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Artificial swarm intelligence diagnoses pneumonia better than individual computer or doctor

Courtesy of Unanimous AI

Researchers at the Stanford University School of Medicine and artificial intelligence company Unanimous AI found in a study that “swarm intelligence” technology is better at diagnosing pneumonia through chest X-ray scans than any individual doctor or computer working alone.

In a report, the researchers describe Swarm Artificial Intelligence (AI), or Swarm AI, as a combination of artificial intelligence algorithms and wise group crowdsourcing — a “tug-of-war.” AI involves developing algorithms that allow machines to think and learn.

“When doctors worked together, we reduced errors [by] 33 percent compared to diagnoses done by doctors alone, and [by] 22 percent compared to a Stanford software called CheXNet,” said Unanimous AI founder and CEO Louis Rosenberg BS ’91 MS ’92 PhD ’94.

Swarm AI draws its inspiration from swarms in nature, such as those of honey bees or flocks of birds. It has previously been implemented in determining winners of major movie awards and making sports predictions. Now, it is being used in the medical field for radiologists to better collaborate with one another.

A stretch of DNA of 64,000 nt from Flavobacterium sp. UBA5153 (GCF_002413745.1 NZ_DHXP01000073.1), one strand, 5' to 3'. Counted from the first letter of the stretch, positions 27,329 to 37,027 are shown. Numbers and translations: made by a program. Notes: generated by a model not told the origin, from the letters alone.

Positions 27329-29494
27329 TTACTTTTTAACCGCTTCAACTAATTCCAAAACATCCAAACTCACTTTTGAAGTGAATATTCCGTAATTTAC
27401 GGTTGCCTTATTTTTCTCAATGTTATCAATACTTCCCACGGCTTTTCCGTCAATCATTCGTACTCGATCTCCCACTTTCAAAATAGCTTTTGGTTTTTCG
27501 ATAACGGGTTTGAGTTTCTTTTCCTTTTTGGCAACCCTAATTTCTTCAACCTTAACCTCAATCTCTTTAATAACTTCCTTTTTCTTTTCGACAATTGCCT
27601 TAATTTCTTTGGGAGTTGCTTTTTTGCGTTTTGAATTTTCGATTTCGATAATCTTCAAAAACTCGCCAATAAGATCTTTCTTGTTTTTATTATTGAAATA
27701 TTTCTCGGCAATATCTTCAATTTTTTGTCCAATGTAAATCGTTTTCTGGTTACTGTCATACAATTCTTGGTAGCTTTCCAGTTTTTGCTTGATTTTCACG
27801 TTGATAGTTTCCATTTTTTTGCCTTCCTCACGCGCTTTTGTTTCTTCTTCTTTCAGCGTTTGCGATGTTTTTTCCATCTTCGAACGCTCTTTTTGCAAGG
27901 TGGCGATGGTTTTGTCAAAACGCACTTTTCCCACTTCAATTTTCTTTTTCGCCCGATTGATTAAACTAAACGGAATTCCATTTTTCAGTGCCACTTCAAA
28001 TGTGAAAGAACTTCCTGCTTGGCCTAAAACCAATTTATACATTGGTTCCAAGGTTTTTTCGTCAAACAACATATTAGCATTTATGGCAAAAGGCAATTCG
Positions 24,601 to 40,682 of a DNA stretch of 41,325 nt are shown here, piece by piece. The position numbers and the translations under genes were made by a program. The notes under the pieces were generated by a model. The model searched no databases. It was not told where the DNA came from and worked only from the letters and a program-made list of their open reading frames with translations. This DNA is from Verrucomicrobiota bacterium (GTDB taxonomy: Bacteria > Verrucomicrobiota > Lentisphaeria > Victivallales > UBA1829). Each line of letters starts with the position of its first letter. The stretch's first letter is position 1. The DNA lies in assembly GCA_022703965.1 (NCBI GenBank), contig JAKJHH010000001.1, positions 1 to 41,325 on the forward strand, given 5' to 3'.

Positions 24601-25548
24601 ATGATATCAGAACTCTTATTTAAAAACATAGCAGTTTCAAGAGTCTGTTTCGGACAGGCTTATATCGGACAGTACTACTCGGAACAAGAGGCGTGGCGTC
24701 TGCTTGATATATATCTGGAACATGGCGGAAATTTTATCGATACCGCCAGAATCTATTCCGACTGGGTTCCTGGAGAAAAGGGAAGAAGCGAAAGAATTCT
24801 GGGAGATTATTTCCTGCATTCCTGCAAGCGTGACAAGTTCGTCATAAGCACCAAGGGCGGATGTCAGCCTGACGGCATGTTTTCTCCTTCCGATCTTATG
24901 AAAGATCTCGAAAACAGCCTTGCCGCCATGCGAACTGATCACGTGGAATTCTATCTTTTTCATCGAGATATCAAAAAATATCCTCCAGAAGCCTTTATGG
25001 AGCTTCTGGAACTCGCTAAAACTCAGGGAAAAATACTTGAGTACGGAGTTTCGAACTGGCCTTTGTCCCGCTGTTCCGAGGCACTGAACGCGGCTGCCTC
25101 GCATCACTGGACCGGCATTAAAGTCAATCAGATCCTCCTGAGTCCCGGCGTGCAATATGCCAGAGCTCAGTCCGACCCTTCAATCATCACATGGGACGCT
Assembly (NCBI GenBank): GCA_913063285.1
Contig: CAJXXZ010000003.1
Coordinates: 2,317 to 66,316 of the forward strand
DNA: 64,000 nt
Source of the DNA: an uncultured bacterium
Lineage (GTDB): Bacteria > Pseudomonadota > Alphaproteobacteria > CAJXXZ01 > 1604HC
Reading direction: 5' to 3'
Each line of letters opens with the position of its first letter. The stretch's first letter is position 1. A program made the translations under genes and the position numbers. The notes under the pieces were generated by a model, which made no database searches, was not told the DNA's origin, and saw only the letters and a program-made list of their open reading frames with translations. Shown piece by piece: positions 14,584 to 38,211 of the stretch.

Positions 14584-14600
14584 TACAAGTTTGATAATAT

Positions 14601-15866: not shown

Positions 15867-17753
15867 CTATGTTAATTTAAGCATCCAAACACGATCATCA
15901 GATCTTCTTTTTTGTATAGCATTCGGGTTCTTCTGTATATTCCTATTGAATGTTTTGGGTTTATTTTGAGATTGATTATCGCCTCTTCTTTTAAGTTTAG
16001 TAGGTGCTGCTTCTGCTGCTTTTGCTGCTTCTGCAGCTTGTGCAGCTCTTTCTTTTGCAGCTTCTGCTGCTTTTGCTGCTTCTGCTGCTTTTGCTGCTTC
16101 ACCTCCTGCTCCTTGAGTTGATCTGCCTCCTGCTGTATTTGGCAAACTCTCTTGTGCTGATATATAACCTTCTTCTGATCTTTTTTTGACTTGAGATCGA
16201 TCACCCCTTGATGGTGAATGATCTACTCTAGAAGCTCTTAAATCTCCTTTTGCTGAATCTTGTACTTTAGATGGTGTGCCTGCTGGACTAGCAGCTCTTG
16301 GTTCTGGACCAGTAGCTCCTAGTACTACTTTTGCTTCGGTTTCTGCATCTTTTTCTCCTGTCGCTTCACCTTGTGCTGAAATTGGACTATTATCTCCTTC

Using the program, doctors control a magnet icon to push toward a group consensus indicating the relative probability of a certain diagnosis. The AI algorithm determined how strongly each doctor felt about a diagnosis by monitoring in real-time how long they hovered their icon over the choice.

Rosenberg says that Swarm AI is optimized to work alongside doctors, as opposed to replacing them.

“We cannot discount the value [of] a doctor’s experience, which requires years of training and contact with the very human experience of disease,” Rosenberg said.

Radiology assistant professor Matthew Lungren said Swarm AI allows doctors to make group decisions for particularly difficult cases, which happens everyday in hospitals all over the world.

“Swarm AI helps capture the wisdom of everyone at once instead of a random meeting of people or a teleconference,” Lungren said.

Radiology associate professor Safwan Halabi hopes to optimize the algorithm in the future to give weights to different people’s opinions, expand to different disease models and use Swarm AI for medical training of residents and fellows.

“It’s an interesting area of technology,” Halabi said. “Swarm AI is applicable to so many different fields and has so many collaborators working remotely to diagnosing a patient.”

 

Contact Fan Liu at fliu6 ‘at’ stanford.edu.

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